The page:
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    your post has been up a 6 years - just got a little covey of Cotrounix to train my Brittany - built a fly pen ( 20'L / 5'W / 7'H) - just moved them in and they ain't as yet doin' much flyin' - also, have just read they rarely fly at all - hope they learn to fly - just want them to flush and fly at least 50' or so - should be easy to get back

    in one video I watched, the bird trailed a blaze orange ribbon - probably not to hobble it's flight (as they do with heavier weights on the legs of Chuckers and Pigeons), rather to more easily find the bird when it goes down - is that a sensible approach ?

    mainly I'm just hoping they'll fly period - give the pup a showy enough flush to train him on

    one last question: if keeping the birds in the same yard where training the pup, does pup become too familiar with the birds to point them in the field? we live in the city and have no place else to keep them

    thanks for any tips
     
  10. KeithKZ

    KeithKZ Out Of The Brooder

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    I realize this is an old thread but I also have a Brittany and have used coturnix for many years...successfully....so I'm not sure why all the negatives about them. In Michigan you can only use bobwhites on state land during the actual 2 1/2 week season UNLESS you are using them on private land or on hunting preserves. Coturnix you can use year round on ANY land....state or private. Those who have had problems with flying ability I would question if they were still too young and/or what diet they were on. If they were being fed a finishing diet which is used to fatten up quail used for meat then heck no they won't fly worth a crap. I just set some out 3 weeks ago for my 8 month old Brittany and they flew VERY well.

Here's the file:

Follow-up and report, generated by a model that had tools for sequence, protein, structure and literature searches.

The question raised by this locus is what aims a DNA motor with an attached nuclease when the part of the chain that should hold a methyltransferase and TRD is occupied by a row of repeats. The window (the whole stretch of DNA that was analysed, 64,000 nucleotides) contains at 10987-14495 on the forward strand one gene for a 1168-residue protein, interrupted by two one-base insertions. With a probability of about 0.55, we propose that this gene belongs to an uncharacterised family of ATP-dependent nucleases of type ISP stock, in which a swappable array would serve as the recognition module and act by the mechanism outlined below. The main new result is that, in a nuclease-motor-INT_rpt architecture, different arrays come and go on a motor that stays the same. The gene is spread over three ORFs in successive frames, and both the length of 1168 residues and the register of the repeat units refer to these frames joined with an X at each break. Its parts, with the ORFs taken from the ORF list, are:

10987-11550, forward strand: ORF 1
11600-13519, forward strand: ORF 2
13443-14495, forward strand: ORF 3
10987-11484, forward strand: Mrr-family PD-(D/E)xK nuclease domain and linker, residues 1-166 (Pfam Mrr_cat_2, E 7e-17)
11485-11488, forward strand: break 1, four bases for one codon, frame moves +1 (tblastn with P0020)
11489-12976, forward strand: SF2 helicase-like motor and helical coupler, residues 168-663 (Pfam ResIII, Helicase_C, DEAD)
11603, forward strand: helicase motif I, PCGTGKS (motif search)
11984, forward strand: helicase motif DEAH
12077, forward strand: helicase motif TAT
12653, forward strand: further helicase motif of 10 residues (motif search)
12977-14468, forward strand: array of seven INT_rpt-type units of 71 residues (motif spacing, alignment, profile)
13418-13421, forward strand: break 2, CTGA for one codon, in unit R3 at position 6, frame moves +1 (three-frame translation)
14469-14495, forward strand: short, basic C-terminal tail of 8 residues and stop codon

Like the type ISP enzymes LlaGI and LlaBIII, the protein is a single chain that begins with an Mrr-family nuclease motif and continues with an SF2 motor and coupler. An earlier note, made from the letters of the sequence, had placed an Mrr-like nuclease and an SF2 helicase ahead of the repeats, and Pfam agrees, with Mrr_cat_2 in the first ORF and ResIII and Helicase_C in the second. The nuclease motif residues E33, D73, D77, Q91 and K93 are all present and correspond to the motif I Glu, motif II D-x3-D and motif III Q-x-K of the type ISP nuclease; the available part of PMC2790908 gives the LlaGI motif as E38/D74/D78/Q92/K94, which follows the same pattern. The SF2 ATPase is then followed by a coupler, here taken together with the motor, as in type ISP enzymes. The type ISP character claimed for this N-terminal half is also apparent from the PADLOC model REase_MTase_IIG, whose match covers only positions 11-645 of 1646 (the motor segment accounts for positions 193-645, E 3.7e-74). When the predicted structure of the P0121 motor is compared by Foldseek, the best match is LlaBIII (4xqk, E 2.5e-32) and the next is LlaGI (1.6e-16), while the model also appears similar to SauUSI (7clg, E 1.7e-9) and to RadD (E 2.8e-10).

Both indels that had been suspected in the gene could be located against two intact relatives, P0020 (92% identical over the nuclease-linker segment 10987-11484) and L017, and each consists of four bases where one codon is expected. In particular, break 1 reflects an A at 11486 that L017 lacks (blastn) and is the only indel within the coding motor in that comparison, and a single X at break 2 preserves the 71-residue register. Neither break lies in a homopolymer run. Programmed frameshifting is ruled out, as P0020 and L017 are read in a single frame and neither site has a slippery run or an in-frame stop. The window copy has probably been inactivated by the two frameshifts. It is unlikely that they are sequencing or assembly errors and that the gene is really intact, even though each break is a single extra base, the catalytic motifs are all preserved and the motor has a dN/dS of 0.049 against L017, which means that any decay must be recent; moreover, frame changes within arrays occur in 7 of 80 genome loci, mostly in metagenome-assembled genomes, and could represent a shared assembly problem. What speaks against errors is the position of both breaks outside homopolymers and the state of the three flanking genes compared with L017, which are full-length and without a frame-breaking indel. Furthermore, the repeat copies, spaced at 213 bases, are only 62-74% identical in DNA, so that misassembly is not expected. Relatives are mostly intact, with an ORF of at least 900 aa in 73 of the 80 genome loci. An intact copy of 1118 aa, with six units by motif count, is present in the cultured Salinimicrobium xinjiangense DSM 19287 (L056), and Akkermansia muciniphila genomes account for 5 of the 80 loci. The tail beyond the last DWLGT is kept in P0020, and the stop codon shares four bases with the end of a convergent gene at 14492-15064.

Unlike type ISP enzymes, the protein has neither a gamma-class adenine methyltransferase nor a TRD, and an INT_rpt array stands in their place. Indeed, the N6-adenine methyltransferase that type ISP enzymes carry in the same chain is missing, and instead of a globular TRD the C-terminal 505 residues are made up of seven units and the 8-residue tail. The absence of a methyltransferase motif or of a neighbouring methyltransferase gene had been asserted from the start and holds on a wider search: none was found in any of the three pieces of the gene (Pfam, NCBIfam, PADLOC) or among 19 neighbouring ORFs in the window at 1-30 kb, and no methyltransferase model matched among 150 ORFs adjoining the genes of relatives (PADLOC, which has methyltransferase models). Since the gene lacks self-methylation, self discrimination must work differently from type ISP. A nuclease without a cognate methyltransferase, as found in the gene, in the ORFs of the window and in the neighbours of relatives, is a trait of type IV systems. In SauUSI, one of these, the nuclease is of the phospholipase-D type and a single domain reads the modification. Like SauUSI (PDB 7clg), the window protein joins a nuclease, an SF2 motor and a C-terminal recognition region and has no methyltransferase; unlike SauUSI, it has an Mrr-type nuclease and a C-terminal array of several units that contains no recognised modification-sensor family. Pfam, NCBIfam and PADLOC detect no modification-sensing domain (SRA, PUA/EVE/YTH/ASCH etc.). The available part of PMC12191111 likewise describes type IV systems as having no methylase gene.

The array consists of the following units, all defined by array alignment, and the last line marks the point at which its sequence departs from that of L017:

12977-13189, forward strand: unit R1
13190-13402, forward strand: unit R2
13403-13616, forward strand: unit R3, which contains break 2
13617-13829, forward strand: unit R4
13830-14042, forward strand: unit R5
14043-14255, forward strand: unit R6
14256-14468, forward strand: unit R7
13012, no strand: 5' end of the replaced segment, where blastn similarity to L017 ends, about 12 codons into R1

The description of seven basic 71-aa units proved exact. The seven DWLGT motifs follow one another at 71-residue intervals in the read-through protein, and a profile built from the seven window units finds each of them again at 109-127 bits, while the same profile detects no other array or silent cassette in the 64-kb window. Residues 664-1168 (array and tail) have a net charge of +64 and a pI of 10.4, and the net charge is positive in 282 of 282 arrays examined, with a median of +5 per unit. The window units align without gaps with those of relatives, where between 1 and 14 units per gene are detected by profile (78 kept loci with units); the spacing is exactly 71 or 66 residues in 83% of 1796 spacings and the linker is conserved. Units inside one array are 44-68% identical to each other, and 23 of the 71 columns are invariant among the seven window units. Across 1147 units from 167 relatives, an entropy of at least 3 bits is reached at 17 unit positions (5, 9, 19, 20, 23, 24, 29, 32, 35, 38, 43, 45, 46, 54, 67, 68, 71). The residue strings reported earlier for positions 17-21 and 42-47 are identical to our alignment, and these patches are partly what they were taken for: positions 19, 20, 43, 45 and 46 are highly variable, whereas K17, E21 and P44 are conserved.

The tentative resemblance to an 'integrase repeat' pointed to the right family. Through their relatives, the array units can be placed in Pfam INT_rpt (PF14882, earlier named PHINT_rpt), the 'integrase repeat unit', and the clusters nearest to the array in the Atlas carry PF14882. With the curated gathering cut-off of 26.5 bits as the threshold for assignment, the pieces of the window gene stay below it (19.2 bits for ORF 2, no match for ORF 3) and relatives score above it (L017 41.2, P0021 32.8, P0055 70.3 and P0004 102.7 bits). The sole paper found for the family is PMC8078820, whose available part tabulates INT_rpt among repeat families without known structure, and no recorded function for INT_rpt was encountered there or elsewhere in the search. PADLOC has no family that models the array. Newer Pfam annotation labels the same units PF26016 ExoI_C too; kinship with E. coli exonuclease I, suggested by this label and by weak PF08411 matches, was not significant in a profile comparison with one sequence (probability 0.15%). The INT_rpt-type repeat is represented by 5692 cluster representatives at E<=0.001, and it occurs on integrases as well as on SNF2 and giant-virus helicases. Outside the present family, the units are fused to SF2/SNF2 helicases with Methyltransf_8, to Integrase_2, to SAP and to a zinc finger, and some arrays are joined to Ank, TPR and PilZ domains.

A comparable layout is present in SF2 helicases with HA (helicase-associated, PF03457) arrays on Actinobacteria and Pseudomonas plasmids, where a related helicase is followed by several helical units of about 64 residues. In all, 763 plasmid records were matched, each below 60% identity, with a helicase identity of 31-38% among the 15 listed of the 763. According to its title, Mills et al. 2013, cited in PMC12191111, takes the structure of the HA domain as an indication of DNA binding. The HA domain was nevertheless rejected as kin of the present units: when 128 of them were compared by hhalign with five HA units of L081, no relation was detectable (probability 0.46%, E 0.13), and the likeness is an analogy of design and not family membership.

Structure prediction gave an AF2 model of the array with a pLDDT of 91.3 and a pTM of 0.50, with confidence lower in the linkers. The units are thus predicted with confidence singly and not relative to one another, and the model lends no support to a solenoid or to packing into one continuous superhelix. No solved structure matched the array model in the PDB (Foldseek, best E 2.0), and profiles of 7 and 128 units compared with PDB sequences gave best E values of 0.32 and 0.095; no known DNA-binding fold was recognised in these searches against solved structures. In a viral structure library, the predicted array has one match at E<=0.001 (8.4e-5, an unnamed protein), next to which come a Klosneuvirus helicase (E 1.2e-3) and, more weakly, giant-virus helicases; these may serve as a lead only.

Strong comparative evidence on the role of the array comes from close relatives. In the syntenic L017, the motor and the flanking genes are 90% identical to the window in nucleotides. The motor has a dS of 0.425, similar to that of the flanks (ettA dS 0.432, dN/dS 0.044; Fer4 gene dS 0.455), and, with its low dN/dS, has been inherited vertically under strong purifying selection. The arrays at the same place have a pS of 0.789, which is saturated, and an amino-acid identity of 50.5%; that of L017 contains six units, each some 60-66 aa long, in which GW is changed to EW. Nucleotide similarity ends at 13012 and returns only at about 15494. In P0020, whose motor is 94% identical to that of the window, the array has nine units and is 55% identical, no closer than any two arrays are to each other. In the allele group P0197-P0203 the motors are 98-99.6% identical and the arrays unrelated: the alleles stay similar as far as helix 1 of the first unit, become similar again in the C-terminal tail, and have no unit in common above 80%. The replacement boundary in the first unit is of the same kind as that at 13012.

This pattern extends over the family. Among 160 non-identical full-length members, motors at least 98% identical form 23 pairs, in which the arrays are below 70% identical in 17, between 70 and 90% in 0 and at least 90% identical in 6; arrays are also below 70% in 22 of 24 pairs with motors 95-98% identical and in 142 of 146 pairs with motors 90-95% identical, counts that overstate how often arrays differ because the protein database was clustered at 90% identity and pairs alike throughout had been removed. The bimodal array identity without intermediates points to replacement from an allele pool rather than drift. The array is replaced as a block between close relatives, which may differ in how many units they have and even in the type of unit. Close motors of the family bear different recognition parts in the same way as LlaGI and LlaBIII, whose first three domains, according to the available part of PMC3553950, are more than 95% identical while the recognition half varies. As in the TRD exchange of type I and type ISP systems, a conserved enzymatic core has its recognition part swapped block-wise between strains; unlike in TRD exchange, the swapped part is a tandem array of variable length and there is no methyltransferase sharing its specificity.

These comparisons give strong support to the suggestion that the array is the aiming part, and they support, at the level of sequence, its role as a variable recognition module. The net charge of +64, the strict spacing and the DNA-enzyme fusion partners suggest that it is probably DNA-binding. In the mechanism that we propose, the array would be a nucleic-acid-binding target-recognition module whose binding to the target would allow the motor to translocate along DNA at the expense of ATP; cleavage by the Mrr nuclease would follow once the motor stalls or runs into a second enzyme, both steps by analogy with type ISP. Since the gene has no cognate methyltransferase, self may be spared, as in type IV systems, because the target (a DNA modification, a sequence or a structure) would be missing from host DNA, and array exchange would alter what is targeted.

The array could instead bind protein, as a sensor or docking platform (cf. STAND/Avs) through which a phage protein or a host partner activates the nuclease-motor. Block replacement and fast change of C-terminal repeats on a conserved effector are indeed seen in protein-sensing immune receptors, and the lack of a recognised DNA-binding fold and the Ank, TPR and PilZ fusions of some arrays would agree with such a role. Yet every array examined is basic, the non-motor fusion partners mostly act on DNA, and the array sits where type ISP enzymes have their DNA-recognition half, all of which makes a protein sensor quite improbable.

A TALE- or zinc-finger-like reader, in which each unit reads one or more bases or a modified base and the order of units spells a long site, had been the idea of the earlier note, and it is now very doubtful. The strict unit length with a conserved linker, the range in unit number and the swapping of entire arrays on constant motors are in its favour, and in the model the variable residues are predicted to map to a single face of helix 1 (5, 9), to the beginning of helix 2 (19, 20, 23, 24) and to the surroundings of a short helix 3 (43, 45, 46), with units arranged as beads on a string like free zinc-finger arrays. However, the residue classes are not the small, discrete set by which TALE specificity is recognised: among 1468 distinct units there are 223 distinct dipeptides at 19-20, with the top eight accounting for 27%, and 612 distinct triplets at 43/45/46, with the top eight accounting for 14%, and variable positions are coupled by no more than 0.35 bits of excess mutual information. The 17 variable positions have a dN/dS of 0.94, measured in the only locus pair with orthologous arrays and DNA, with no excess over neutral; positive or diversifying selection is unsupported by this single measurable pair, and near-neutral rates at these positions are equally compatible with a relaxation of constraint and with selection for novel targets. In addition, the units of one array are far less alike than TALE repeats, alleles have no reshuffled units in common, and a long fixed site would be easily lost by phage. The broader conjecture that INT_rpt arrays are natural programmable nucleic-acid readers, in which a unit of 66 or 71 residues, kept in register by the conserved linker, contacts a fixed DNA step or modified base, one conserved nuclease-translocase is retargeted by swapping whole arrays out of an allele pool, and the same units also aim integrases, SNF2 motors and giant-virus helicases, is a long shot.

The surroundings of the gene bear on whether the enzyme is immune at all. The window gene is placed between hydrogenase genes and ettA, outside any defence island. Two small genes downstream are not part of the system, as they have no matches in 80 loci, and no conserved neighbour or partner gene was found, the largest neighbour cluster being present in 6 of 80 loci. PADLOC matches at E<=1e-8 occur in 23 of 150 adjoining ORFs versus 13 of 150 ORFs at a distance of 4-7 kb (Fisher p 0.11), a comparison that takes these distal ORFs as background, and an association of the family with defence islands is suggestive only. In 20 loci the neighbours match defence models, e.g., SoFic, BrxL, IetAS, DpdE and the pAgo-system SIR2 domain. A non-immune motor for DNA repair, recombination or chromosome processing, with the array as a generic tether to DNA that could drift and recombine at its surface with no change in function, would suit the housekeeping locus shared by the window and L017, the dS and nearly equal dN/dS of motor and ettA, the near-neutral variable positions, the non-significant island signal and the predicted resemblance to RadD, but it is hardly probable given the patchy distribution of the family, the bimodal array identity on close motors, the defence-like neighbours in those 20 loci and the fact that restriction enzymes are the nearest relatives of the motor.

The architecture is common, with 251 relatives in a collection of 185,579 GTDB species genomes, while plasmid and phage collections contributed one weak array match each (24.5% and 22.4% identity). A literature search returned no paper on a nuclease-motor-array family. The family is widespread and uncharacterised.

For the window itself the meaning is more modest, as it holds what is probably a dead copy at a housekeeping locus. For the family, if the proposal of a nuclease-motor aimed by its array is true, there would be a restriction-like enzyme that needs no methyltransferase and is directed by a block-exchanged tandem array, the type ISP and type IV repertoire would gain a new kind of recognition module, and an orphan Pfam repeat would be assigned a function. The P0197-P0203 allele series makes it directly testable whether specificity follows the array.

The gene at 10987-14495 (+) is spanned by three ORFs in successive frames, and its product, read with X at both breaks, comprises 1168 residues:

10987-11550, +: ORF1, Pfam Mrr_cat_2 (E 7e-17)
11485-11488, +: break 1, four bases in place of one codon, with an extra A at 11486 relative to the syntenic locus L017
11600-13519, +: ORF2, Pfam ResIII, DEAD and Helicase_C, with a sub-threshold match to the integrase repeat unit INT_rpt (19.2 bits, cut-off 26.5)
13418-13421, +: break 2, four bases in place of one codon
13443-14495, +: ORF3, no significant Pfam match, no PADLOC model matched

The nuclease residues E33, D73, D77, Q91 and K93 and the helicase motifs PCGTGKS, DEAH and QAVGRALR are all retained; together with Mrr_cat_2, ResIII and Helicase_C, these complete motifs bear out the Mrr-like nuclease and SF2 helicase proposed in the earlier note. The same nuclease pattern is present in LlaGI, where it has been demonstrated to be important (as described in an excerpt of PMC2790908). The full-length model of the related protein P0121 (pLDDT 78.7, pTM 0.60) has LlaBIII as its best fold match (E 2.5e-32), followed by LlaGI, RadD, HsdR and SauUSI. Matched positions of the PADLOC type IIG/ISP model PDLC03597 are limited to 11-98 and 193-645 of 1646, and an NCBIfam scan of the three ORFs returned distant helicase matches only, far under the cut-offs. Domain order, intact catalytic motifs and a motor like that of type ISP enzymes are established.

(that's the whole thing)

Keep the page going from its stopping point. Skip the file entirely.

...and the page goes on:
I'm actually contemplating using jumbo browns and just feeding them a flight conditioner feed that has 19% protein and see how they fly since they are larger than the regular coturnix.